Literature

The Hawk and the Dove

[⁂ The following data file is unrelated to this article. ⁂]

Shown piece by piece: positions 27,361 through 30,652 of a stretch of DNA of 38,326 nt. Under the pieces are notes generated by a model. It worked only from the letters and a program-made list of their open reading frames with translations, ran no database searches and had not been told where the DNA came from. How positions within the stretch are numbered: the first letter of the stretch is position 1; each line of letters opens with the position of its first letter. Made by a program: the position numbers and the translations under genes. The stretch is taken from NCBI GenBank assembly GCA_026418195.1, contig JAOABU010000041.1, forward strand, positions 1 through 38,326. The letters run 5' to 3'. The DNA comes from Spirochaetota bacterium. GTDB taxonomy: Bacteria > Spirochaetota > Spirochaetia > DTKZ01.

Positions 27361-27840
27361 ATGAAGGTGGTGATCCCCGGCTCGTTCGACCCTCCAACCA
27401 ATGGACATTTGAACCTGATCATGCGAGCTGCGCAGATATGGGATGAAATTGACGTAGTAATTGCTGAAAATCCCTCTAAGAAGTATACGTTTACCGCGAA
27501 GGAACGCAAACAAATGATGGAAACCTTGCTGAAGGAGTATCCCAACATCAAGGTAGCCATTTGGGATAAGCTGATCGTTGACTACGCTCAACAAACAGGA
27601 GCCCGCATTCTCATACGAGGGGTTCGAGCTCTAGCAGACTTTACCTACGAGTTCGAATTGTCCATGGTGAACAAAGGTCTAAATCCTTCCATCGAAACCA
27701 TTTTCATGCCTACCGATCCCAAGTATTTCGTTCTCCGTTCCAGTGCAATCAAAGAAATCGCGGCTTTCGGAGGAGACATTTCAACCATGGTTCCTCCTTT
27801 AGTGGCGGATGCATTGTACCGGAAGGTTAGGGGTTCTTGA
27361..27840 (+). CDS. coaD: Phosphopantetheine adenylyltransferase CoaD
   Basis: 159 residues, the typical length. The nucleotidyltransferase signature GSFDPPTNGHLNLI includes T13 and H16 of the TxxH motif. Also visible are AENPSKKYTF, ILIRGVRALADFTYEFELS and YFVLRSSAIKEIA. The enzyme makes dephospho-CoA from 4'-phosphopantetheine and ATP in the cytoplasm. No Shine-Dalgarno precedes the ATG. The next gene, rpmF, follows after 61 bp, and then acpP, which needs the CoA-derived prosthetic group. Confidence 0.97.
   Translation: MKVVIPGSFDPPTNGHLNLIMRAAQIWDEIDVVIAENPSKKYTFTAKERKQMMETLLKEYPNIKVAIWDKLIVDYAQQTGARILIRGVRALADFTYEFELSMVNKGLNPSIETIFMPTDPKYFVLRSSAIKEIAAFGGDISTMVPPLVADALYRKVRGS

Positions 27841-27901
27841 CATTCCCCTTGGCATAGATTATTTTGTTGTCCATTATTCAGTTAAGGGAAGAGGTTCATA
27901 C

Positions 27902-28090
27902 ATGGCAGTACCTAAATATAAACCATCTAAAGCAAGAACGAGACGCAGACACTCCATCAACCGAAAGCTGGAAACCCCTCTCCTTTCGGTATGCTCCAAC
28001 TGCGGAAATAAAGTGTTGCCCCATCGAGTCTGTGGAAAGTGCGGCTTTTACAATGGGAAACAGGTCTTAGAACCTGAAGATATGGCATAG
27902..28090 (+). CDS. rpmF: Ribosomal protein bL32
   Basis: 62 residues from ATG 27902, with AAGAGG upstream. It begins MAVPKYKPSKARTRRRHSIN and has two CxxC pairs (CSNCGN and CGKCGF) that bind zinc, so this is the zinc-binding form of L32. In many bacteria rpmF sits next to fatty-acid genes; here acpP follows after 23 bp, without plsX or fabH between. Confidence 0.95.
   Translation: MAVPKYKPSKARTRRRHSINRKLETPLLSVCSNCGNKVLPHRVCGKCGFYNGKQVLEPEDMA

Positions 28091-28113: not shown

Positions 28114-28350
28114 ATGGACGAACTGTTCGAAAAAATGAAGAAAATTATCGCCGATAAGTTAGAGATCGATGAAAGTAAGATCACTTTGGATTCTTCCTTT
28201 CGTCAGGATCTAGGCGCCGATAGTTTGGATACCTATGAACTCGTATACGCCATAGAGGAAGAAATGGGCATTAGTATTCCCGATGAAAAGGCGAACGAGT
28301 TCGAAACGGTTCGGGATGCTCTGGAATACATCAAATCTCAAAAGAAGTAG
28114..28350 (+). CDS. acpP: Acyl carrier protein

If you’ve never read Penelope Wilcox’s triology, The Hawk and the Dove, well, you should. It’s one of those books everyone should read, especially anyone who has ever suffered or struggled with the problem of evil. I just happened to be given a copy of The Hawk and the Dove in college and it changed me. The book is comprised of a series of short stories that take place around the 15th century in a monastery. The main character, Father Peregrine, comes on the scene as a self-possessed, capable monk with strong hands. He is artistic, does beautiful illuminations, intelligent, able to debate theology…. yet somehow in the midst of this, his very self-sufficiency keeps him at arm’s length from the rest of the monks. Shortly after becoming the Abbot, enemies of his family find him and beat him, shattering his hands and kneecap. He spends the rest of his life as a cripple. Initially, he tries to maintain his self-sufficiency, to deal with his grief and fear alone. One of the brothers breaks through to him and beholds his suffering. The rest of the stories are about how the Abbot becomes the hub of the community. His weakness enables him to relate to the brothers on an intensely deep level, to soothe their fears and their weaknesses. He becomes truly a father to them all. And in the midst of his suffering, he falls in love with Jesus as the suffering savior.